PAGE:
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This chapter will discuss early identification, examination, evaluation, and intervention services for children from birth to 3 years of age with disabilities. The federal legislation that guides these services and current evidenced-based practice in early intervention will be discussed. Guiding principles for this chapter include family-centered services, support-based (contextual) models, interdisciplinary and transdisciplinary team models, evidence-based practice, providing services in natural environments, and use of activity-based instruction.

What Do We Mean by “Early Intervention”?

The term early intervention (EI) is used in a variety of ways across disciplines. Conventional wisdom suggests it is best to intervene quickly when problems are suspected, before major problems develop. In medicine, competent physicians practice EI when they strive to provide intervention for illness as soon as symptoms are detected. The kindergarten teacher practices EI when he or she screens the class at the beginning of the school year to determine which children may need extra help learning to read. In other words, EI involves early detection and intervention of problems to minimize negative effects and reduce future potential problems as cost-effectively as possible.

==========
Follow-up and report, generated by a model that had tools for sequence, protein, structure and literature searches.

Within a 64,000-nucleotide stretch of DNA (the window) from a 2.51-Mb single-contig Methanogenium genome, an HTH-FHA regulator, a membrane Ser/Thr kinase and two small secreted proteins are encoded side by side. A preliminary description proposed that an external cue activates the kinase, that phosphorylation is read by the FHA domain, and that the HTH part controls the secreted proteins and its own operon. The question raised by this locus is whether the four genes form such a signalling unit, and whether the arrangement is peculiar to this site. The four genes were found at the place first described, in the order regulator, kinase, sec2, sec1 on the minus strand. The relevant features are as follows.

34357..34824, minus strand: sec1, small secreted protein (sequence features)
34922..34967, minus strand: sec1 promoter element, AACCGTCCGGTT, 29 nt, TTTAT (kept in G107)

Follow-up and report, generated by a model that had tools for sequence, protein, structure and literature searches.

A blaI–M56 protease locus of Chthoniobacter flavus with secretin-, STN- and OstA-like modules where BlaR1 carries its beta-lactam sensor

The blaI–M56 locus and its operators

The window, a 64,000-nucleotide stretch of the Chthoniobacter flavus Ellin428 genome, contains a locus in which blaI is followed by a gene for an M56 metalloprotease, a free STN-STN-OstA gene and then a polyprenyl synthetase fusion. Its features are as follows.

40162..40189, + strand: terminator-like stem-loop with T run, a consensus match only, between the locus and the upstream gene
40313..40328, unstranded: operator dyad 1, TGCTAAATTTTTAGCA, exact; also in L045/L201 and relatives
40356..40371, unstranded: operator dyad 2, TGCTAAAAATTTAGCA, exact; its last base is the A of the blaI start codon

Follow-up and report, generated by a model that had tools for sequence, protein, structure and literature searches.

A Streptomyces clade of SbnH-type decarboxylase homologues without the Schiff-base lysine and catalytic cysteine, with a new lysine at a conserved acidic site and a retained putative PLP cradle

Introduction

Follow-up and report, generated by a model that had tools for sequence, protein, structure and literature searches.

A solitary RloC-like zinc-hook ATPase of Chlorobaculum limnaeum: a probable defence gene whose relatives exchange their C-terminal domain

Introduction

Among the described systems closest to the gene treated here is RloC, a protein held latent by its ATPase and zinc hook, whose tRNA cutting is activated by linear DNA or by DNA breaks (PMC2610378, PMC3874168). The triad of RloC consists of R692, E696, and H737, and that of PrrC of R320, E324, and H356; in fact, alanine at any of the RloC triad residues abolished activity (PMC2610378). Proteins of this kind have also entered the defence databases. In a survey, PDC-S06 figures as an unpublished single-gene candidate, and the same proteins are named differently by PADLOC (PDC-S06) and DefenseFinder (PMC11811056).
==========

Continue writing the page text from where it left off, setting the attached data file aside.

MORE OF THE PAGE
When physical therapists engage in EI with infants and young children with developmental delays, disabilities, or potential disabilities, they are doing just this. Pediatric therapists work with families, physicians, and others focused on the well-being of young children to identify potential or emerging problems or established developmental physical and cognitive problems as early as possible and to intervene quickly and efficiently to correct or minimize the problem/delay and to maximize the child’s developmental potential.

Definitions of Early Intervention

Federal legislation (PL 99-457), adopted in 1986, provided federal funding to the states for provision of early identification and intervention services to infants and young children ages 0 to 36 months who have, or are at risk of having, disabilities and their families. This legislation continues as part of the Individuals with Disabilities Education Improvement Act (IDEA) (PL 114-95) and is discussed in this and the following chapter.

According to IDEA, The term “early intervention services” means developmental services that:

  1. are provided under public supervision;

  2. are provided at no cost except where Federal or State law provides for a system of payments by families, including a schedule of sliding fees;

  3. are designed to meet the developmental needs of an infant or toddler with a disability, as identified by the individualized family service plan team, in any 1 or more of the following areas: (i) physical development, (ii) cognitive development, (iii) communication development, (iv) social or emotional development, or (v) adaptive development” (IDEA, 2004, 20 U.S.C. 1432 § 632).

Although this legislation provides the “legal” definition of EI programs, experts in the field provide additional information regarding EI services and programs. Dunst (2007) defines EI as “the experiences and opportunities afforded to infants and toddlers (and ...

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